Residents in riverside communities in Mandaue City worried over polio-contaminated Butuanon River
MANDAUE CITY, Philippines –What was once a river teeming with life, Josephine Tamayo watched how Butuanon River–which is just on their backyard–became the very thing her children should now avoid.
“Before I had kids of my own, I remembered how the children would go down the river to fish for freshwater shrimps (locally known as pansat) and other fishes found there. Now, I can’t even begin to describe its smell and color,” Josephine said in Cebuano.
Josephine and her four children, ages 16, 14, 13, and 11, have been living in Sitio Carrots in Barangay Paknaan in Mandaue City since 2003. Their house sits on an elevated portion a few meters beside the Butuanon River.
Since news that the river was confirmed to have been contaminated with poliovirus, the 46-year-old mother said she will be stricter when it comes to her children’s playtime.
This even if all of her children completed their inoculation against polio, a highly contagious disease caused by poliovirus that attacks the nervous system.
“My children loved playing on the street, especially with the neighboring kids. But after learning that there’s poliovirus in the river, I told them to stay away from the river, and go straight home after school otherwise there will be punishment,” she said.
On February 15, the Department of Health (DOH) confirmed findings from the Research Institute of Tropical Medicine (RITM) that Butuanon River, the largest river in Mandaue City in terms of volume being spilled into the sea, is contaminated with poliovirus.
READ: Butuanon River in Mandaue tested positive for poliovirus – DOH
As a result, Mandaue City Mayor Jonas Cortes closed it and two other major waterways in the city – Mahiga and Tipolo Creeks – from the public to prevent possible contamination.
Butuanon River spans more than 10 kilometers, starting from the mountain barangays of Cebu City, before spilling to Mactan Channel. Downstream, it traverses through several villages of Mandaue City, including Barangay Paknaan.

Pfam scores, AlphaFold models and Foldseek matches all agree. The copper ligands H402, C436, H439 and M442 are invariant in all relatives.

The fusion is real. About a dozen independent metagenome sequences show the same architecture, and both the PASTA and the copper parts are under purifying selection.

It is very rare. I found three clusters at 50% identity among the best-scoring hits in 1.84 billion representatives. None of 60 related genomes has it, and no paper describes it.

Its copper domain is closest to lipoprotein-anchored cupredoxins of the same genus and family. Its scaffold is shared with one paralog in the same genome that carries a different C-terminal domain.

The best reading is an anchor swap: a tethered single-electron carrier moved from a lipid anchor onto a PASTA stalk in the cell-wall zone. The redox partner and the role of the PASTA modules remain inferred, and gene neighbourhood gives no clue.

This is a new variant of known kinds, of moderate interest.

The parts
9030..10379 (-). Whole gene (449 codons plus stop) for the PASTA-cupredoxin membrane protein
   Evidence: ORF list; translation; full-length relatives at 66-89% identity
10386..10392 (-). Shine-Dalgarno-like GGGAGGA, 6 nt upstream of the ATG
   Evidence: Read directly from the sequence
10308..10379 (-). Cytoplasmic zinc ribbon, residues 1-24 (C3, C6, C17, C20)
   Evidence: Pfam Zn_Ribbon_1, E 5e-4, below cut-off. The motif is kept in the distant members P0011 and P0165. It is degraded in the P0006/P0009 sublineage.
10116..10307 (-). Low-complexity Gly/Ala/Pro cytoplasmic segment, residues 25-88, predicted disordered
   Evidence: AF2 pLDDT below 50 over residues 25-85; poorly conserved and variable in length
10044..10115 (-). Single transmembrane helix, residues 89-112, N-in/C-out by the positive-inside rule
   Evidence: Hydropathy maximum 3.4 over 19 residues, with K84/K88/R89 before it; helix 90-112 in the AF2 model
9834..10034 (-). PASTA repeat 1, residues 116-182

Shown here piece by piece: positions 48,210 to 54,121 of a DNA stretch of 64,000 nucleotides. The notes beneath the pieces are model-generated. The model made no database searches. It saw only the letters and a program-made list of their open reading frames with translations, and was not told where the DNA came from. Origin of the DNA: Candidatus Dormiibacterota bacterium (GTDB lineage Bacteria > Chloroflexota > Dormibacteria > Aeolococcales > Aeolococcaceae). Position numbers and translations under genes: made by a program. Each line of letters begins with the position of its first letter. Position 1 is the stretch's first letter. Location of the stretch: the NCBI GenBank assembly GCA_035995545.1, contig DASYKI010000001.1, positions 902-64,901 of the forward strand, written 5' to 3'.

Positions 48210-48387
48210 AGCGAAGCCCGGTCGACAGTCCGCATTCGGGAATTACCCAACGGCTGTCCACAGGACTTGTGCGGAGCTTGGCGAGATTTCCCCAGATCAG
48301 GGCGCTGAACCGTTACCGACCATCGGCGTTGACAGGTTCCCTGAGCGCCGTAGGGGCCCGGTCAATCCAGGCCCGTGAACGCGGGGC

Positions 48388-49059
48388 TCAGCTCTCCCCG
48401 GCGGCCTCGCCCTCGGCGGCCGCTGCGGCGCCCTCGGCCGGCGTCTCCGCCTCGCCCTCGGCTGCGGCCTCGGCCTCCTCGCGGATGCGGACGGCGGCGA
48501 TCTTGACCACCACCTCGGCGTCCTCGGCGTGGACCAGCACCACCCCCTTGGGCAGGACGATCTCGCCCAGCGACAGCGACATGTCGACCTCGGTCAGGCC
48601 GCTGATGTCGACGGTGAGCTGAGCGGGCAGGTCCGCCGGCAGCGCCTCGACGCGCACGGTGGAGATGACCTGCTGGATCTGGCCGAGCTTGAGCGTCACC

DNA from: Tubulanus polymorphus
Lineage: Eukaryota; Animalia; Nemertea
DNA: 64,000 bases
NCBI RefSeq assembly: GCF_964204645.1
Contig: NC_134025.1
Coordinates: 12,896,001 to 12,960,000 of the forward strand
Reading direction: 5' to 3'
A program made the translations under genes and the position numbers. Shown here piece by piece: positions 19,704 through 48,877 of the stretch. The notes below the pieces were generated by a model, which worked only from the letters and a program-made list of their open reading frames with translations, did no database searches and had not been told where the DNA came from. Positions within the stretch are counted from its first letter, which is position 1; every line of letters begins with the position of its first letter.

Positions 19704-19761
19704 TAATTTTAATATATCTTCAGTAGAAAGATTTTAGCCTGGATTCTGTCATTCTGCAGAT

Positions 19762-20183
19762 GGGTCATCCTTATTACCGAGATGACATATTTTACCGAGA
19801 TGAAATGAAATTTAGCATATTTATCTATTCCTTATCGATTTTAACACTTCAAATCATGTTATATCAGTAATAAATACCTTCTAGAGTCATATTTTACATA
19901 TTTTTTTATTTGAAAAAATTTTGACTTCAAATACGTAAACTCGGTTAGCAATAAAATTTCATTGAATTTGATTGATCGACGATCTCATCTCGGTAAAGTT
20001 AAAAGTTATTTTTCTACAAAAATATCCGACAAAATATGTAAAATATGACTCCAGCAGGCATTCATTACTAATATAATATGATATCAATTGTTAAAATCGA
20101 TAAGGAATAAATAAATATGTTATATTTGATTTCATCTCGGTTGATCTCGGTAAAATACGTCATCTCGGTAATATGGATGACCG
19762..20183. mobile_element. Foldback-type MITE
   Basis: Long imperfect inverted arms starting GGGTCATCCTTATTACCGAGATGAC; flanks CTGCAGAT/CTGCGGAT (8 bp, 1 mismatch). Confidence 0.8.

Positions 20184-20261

READ: Tipolo, Butuanon, and Mahiga Rivers off-limits to public
Person-to-person transmission of polio is possible through the fecal-oral route, or through a contaminated vehicle which can be food or water.
DOH also confirmed the 17th case of polio – a 1-year-old boy from Cabanatuan City in Nueva Ecija – since the disease reemerged in September 2019.
Several residents in Sitio Carrots in Barangay Paknaan, however, rely only on makeshift wells located just a few meters away from Butuanon River as their own water supply.
But Larra Gitgit would not take her chances of getting water from an unknown source.
A resident in Sitio Carrots in Barangay Paknaan for more than 20 years, Larra, a 37-year-old sales lady, said she had to apply for a loan so she can afford on installing a running water supply in their house.
“I have two daughters and I won’t gamble on a free water supply after I saw them myself – it’s yellowish in color with a pungent smell coming from it,” Larra said in Cebuano.
Like Josephine, Larra said her 16-year-old and 5-year-old daughters are vaccinated against polio.
The World Health Organization (WHO) said children below five years old are at risk of contracting the deadly disease, which can lead to paralysis. This is why the Mandaue City Government is also now ramping up its vaccination program.
A coordination meeting between the city governments of Cebu and Mandaue will take place Monday, February 17, 2020, to address this particular concern. /bmjo
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